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Challenges in Security Printing

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This work examines the technical challenges facing the security print business sector. This sector includes a wide variety of printed marks along with print-as-fabrication, covering a wide gamut from barcodes to interactive holograms. As a result, this work also highlights opportunities for printing and fabrication technologies.

This conference is an ideal opportunity to explore specific opportunities in the physics, chemistry and material science of security printing and to consider new hardware and software applications for print inspection and verification.

The security print application space is very much wider than the obvious ones of identification verification documents, such as passports and identity cards. It now covers brand and asset protection plus a host of emerging actionable printing applications.

Security printing can be a part of every printed item. The very printing process itself results in the unpredictable deposition of marks which can be used for forensic identification. Complex color images can be used to identify the print shop which printed an item, due to nuances of color, variable and customized printing. Intentional data can be printed in the form of barcodes, graphical alphanumerics (such as guilloches), and a host of fabrication processes – such as lenticular, adhesive and stereolithographic processes – can be used to create difficult to mimic content that can be used for overt, covert and/or forensic security features.
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Document Type: Research Article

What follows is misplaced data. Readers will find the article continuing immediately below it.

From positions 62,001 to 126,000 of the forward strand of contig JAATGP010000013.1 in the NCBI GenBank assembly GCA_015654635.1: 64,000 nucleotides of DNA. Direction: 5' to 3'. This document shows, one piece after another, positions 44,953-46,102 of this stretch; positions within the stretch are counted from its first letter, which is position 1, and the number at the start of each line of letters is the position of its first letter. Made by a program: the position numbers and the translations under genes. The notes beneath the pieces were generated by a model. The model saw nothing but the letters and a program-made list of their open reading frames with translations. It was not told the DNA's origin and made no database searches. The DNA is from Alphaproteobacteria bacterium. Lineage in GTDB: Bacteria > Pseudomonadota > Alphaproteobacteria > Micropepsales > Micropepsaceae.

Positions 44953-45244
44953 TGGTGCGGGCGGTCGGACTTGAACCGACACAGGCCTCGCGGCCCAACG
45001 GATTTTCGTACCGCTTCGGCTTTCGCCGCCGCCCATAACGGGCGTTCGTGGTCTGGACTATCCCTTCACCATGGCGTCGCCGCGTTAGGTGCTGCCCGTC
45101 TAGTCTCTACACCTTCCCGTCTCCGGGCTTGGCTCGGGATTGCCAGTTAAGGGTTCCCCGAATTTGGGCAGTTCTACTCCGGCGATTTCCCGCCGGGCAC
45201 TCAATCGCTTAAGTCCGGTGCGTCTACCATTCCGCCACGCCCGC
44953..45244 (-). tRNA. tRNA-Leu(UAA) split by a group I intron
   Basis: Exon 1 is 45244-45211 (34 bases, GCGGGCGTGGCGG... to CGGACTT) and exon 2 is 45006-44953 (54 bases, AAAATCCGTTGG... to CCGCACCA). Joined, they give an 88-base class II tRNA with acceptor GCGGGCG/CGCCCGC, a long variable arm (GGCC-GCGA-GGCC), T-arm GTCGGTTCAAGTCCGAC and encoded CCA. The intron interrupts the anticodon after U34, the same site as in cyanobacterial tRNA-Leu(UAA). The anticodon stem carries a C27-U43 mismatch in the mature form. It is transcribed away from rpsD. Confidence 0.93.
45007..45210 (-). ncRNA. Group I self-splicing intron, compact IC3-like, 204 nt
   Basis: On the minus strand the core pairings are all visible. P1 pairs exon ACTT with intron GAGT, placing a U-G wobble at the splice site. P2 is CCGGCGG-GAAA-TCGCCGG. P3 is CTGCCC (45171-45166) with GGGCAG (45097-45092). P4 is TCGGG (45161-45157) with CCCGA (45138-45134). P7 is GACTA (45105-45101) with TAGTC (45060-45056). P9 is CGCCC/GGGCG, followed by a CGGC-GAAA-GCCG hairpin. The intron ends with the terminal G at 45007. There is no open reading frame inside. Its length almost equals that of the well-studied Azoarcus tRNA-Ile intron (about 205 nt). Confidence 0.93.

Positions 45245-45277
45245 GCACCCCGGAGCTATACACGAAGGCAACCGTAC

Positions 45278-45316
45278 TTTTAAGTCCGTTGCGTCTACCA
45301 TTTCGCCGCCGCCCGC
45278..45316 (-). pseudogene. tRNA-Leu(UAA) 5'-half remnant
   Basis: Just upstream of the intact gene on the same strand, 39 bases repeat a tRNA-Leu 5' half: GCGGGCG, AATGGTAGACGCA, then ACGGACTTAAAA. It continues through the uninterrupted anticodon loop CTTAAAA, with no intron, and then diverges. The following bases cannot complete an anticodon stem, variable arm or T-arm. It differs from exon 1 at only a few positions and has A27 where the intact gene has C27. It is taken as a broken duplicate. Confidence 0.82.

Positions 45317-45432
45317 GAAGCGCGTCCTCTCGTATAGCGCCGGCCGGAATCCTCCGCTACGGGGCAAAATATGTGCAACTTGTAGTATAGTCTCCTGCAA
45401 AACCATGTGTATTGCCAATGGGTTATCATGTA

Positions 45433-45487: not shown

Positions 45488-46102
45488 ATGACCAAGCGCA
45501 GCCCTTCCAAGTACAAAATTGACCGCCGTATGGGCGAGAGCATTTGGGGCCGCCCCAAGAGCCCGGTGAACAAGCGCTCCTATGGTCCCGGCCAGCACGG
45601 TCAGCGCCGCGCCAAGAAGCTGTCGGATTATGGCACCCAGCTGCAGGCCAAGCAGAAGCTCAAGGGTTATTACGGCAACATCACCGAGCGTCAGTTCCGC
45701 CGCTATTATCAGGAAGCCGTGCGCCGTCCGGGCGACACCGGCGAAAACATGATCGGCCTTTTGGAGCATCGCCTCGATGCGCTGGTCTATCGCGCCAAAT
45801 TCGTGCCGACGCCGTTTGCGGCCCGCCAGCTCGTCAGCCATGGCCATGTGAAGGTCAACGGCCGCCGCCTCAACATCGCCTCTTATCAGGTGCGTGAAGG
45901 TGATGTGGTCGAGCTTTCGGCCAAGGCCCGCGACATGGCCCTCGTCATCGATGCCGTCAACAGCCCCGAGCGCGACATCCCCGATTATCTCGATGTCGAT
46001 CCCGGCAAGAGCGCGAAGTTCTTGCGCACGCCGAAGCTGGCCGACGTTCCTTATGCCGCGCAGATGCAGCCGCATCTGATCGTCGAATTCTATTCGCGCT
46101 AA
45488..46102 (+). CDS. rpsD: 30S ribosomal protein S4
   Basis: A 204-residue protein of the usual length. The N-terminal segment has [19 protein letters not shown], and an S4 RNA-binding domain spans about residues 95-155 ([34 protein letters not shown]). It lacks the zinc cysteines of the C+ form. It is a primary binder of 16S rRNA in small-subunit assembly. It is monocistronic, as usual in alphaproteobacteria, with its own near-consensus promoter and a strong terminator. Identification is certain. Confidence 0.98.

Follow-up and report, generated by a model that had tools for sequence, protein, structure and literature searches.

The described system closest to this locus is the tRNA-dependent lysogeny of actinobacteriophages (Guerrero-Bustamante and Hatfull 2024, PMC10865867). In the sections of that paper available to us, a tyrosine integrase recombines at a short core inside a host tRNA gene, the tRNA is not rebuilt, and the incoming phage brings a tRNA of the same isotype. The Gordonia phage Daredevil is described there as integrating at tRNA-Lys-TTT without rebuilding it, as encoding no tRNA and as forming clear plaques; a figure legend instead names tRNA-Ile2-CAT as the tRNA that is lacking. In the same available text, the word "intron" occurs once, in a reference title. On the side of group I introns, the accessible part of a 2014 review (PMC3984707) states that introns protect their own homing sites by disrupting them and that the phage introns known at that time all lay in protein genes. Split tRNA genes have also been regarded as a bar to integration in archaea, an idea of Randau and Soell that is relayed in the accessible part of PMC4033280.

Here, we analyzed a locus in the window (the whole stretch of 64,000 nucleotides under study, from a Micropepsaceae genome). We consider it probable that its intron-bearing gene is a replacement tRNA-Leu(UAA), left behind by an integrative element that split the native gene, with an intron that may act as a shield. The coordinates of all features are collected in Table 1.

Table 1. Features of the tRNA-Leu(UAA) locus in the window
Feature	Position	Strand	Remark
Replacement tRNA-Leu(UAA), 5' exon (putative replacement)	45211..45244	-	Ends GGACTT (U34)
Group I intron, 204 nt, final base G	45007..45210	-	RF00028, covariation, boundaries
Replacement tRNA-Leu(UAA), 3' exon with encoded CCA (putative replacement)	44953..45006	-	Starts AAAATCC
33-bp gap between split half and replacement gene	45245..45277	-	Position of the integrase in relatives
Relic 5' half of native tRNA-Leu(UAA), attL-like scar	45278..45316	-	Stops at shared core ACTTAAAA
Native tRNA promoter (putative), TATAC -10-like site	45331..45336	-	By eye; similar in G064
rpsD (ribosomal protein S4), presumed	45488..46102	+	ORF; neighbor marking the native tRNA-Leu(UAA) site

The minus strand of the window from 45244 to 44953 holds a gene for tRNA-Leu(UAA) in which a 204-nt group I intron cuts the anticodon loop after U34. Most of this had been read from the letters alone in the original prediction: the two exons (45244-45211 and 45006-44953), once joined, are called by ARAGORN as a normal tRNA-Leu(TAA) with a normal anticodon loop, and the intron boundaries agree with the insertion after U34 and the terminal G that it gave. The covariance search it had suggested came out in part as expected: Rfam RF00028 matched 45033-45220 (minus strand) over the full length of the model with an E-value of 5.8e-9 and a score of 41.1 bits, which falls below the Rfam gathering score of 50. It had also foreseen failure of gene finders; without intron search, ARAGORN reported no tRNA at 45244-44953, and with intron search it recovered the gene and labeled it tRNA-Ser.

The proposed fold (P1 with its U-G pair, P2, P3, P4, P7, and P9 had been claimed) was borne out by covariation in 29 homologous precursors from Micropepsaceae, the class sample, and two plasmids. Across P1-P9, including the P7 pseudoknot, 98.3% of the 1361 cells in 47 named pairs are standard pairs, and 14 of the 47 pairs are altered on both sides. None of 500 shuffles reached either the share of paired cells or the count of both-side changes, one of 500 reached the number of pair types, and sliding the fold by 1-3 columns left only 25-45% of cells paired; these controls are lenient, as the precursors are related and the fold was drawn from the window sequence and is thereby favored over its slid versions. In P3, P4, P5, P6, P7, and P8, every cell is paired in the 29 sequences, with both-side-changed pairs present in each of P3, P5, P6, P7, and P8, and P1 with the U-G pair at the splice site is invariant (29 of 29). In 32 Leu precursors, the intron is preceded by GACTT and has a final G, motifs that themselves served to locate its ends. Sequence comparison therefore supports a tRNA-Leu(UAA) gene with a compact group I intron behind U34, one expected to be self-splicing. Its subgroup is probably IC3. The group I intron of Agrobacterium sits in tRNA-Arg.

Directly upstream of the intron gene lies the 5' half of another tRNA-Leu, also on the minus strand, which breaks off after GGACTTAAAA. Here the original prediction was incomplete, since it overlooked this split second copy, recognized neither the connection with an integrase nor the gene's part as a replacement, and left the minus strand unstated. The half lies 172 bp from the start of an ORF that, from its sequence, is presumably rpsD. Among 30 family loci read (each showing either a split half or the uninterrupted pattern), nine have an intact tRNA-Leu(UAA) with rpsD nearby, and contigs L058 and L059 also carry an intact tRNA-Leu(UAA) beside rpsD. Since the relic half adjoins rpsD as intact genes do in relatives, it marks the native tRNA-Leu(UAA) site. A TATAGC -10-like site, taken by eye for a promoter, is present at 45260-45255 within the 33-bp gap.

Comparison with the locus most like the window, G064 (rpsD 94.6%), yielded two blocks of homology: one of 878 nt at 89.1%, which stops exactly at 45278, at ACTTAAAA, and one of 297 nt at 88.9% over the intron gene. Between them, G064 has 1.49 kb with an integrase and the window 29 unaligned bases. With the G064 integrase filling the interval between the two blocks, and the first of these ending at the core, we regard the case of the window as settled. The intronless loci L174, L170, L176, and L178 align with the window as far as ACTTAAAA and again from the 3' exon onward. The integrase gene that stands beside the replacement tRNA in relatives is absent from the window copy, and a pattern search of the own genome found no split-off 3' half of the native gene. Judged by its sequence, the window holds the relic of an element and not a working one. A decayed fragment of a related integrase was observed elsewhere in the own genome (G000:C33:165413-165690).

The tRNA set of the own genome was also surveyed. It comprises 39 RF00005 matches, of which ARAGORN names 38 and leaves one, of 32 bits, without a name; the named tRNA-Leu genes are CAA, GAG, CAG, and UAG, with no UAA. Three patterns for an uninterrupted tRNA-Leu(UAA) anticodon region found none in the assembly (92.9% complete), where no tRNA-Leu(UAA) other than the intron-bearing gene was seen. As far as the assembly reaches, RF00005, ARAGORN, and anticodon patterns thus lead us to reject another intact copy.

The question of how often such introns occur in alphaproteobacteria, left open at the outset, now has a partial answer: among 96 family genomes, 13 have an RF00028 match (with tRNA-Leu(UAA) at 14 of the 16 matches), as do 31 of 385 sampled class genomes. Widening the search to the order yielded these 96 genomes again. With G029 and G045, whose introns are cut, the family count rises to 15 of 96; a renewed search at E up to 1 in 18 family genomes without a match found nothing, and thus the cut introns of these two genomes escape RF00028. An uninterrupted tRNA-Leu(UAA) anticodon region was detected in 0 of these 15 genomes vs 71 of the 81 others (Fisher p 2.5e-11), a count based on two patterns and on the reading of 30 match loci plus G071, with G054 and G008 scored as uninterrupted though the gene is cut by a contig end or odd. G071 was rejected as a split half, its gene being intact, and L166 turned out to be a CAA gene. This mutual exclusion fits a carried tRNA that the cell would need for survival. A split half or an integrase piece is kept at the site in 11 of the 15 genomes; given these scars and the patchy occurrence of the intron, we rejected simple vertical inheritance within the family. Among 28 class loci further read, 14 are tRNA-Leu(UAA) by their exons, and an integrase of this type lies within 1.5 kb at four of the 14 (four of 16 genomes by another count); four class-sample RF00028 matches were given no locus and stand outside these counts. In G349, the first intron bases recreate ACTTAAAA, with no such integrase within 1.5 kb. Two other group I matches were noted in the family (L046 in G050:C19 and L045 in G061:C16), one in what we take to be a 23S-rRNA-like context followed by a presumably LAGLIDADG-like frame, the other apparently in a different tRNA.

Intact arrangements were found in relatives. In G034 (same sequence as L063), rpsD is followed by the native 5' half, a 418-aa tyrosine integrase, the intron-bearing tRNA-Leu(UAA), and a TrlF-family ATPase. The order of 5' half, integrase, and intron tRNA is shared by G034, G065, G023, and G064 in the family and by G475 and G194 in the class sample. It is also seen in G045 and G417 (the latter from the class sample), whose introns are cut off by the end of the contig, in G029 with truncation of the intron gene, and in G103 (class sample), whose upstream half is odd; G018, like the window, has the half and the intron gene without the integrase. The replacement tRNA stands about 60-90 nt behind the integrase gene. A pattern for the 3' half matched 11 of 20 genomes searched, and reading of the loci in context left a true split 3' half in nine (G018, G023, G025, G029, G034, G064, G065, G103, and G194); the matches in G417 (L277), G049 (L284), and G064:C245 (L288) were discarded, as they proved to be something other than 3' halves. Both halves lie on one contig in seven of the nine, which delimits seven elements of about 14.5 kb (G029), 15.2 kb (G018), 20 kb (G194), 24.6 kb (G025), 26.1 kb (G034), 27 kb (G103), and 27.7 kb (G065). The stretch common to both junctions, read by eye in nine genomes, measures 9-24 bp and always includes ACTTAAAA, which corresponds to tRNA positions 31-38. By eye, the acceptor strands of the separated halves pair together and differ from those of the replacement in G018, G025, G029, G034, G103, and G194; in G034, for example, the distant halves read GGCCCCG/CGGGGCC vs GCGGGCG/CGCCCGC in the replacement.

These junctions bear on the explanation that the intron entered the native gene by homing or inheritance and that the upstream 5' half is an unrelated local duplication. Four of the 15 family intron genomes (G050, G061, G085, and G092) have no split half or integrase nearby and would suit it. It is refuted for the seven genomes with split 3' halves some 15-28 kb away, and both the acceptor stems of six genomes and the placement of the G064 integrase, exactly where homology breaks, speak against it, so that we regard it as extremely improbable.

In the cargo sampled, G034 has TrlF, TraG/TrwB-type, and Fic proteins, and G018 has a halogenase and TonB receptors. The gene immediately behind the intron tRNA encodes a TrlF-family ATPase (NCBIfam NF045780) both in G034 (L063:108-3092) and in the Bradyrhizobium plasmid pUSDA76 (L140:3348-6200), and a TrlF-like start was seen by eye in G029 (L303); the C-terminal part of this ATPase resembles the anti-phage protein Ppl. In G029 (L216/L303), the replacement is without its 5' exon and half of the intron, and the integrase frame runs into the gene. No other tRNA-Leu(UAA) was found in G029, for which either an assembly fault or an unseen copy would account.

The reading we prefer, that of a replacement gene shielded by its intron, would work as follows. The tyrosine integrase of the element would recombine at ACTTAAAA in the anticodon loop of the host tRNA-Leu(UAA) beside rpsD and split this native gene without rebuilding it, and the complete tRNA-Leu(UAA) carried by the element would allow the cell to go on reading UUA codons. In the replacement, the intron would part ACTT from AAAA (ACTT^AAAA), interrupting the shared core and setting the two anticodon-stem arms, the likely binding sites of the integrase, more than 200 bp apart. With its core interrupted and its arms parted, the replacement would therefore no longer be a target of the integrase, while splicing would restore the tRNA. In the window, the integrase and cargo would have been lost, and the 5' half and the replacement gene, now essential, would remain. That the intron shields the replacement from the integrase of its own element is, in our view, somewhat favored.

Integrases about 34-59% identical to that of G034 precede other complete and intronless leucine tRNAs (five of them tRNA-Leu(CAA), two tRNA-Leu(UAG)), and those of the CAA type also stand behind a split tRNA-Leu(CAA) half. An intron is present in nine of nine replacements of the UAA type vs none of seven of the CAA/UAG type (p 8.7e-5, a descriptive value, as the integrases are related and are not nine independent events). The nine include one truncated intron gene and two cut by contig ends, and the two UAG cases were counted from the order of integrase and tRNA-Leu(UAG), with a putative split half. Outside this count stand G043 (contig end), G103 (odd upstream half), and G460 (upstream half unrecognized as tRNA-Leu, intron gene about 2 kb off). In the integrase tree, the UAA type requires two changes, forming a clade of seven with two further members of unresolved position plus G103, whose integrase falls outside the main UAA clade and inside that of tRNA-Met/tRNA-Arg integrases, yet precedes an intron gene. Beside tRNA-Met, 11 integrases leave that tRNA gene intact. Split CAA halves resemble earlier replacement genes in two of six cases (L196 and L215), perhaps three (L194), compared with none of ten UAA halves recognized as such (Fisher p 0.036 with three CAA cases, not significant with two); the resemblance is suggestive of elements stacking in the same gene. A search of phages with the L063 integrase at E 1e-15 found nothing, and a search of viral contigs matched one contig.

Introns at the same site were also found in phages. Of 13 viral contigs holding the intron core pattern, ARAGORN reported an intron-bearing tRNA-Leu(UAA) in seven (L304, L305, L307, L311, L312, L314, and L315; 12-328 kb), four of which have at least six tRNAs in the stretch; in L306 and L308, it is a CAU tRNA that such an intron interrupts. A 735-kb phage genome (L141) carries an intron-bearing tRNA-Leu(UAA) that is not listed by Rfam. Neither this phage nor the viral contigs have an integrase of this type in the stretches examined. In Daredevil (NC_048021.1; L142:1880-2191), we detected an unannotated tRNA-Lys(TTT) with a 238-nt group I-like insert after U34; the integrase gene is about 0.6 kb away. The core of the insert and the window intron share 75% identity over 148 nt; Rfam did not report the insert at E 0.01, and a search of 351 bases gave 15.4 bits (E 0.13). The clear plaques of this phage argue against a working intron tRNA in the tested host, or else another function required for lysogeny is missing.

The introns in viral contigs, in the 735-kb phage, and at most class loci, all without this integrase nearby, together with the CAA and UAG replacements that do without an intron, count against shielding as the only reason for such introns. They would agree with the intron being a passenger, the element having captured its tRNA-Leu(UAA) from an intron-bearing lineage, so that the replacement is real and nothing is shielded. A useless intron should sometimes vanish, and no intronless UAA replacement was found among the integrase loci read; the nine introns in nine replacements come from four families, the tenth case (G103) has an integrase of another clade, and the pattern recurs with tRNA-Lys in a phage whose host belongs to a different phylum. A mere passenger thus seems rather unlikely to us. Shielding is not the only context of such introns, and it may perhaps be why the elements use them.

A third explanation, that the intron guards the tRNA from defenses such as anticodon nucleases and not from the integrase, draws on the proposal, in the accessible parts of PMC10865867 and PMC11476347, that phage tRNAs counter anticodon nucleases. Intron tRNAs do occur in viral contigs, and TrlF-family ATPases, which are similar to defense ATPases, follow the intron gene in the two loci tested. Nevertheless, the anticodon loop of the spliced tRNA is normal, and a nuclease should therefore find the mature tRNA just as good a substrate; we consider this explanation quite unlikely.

Publication date: 01 January 2013

More about this publication?
  • For more than 30 years, IS&T's series of digital printing conferences have been the leading forum for discussion of advances and new directions in 2D and 3D printing technologies. A comprehensive, industry-wide conference that brings together industry and academia, this meeting includes all aspects of the hardware, materials, software, images, and applications associated with digital printing systems?particularly those involved with additive manufacturing and fabrication?including bio-printing, printed electronics, page-wide, drop-on-demand, desktop and continuous ink jet, toner-based systems, and production digital printing, as well as the engineering capability, optimization, and science involved in these fields. In 2016, the conference changed its name formally to Printing for Fabrication to better reflect the content of the meeting and the evolving technology of printing.

    Please note: For purposes of its Digital Library content, IS&T defines Open Access as papers that will be downloadable in their entirety for free in perpetuity. Copyright restrictions on papers vary; see individual paper for details.

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